Rebel Roundup - February 15, 2011 (The "Lots of Words" Edition)

Mitchell, Bama roll Ole Miss | GadsdenTimes.com
Those three SEC wins were fun while they lasted. To the surprise of many, Alabama's looking to earn an NCAA berth while, to the surprise of few, the Rebs are probably NIT bound. WAOM. Baseball season and Spring Football can't get here soon enough.

Ole Miss, dealing with key losses, shrugs off preseason snub | Veazey
This is the first time since 2003 that the Rebs haven't been ranked in any form during the baseball preseason. In related news, Kyle Veazey still hates Ole Miss/runs a clandestine operation hell-bent on promoting Ole Miss at the expense of Mississippi State and Southern Miss, your pick.

Pitching depth strong despite loss of Pomeranz | The Daily Mississippian
Hey, guess what, the DM's covering baseball and actually doing a fine job at it. Here's a look at the Rebels pitching rotation from everyone's favorite newspaper to irrationally loathe...

Smith, Snyder headline Rebels’ offense | The Daily Mississippian
...and here's a look at the Rebel bats.

Athletes learning to navigate the pitfalls of social network | The Clarion-Ledger
Brandon Marcello and Kyle Veazey have teamed up to pen this piece on college athletes' social networking habits and the consequences thereof. As y'all know, Mississippi State's Ravern Johnson cost himself playing time and the rest of his team Twitter privileges for badmouthing Coach Stansbury via the social media platform, and our very own Kentrell "OleForty" Lockett has made himself a bit of an online celebrity through bits of 140-character-at-a-time observational humor. This is, for better or for worse, the new frontier of human interaction, and everyone, from tech-savvy bloggeurs to all-SEC defensive ends, can be a part of it.

Nutt denies cutting players who recently left Ole Miss | Sporting News
Ugh. Not this again. As the debate over the ethical gray area of oversigning rages on, the Sporting News reports that, regarding the departures of Jesse Grandy, Martez Eastland, et al this past week, Houston Nutt has denied that these players were cut, but rather left the program under their own volition.

My response to this article and, really, the entire premise underlying its inception is this: if they were cut, why would that even matter? Why is it some sort of great moral travesty to tell someone that they're not talented, skilled, or dedicated enough to be a part of something that requires talent, skill, and dedication, especially when said something has bureaucratically-imposed limits as to how many people are allowed to participate in the first place? If bad students can have their academic scholarships stripped for poor performance in the classroom (yes, this happens every semester), then bad football players should be prepared to have their athletic scholarships stripped for poor performance on the field. It sucks, but it's reality, and it's the result of the NCAA's own red tape. I'm not saying they shouldn't have something along the lines of the 85 scholarship limit for football, but I am saying that everyone should accept the consequences of maintaining such a limit, regardless of how intended said consequences may be.

Recruiting vs. results: Does one bring the other? | Rivals.com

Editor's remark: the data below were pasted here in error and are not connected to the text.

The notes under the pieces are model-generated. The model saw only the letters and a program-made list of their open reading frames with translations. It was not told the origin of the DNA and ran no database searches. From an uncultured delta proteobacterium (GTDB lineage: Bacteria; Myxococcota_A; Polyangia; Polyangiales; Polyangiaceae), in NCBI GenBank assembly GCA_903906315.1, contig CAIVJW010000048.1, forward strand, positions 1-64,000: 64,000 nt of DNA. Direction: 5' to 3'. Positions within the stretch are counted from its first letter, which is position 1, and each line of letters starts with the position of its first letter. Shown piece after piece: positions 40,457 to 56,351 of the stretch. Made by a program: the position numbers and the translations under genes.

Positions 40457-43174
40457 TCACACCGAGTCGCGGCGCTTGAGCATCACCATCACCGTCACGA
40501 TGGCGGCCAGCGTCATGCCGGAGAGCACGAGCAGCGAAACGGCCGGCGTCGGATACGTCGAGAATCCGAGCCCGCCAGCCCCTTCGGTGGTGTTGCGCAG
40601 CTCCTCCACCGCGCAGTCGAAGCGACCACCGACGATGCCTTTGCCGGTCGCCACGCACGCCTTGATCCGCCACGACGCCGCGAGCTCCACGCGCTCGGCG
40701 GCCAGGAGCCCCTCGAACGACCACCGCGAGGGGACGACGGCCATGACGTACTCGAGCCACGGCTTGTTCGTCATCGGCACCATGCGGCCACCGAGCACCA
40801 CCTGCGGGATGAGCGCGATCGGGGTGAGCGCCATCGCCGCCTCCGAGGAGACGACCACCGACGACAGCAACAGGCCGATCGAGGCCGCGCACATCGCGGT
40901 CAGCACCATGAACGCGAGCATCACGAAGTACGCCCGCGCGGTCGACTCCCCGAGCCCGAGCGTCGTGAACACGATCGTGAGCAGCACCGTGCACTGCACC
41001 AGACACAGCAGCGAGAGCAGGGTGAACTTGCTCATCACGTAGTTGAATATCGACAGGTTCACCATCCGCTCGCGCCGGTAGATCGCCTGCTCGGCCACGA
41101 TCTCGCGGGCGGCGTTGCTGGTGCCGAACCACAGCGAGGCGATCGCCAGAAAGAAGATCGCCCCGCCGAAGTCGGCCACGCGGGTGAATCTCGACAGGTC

Short answer: yes. Long answer: yes, but it's not so cut and dry. There are a lot of teams who, year-in and year-out sign lowly ranked classes and do quite well, while there are teams who do just the opposite. We Rebels are a part of the latter. But let's look a bit closer at the numbers provided therein.

A few notes off of the top of my head:
  • Virginia Tech is the most "overachieving" team with respect to their crootin' rankings. This is not only a testament to the seemingly perpetually underrated talent in the Commonwealth of Virginia, but also the abilities of Frank Beamer as a coach. Oh, yeah, and the ACC sucks. There's that too. VA Tech's average class ranking since 2002 is 21. Only two teams in the ACC - Miami and Florida State - have fared better along the 'crootin trail. The same goes for Missouri and Ohio State, the next two overachievers. Mizzou plays in the horrible Big Ten North and Ohio State gets the joy of beating the snot out of Indiana and Minnesota year after year. I do also think that Ohio State's talent, especially along the lines, is perpetually underrated.
  • When looking at the three greatest underachievers, you get Ole Miss, South Carolina, and Texas A&M. When looking at my arguments as to why VA Tech, Mizzou, and Ohio State rank so highly, one can simply take the inverse and apply it to the "losers" of this metric. Ole Miss may be, per Rivals, the 19th best overall recruiting program over the past several years, but that's still only good for 8th in the conference. The same problems go for the 7th best in the SEC but 15th overall Gamecocks. Couple the relative recruting mediocrity with our horrible attrition as of late, and "underachievement" is what you'll end up with. So, while Rivals is making a fine point here - that recruiting rankings aren't a perfect science - they're not necessarily demonstrating that as well as perhaps they think they are.
  • When looking at the teams which achieved about as much as the rankings since 2002 would suggest, you see some national title winners (LSU, USC, Alabama, Auburn, Oklahoma) and some teams which are perpetually average at both football and 'crootin (Arizona, Arizona State, Arkansas, Nebraska).This doesn't at all help the case that 'crootin rankings don't matter.

Still, it's a good read that's well researched, so spend some time reading it. See if I care.

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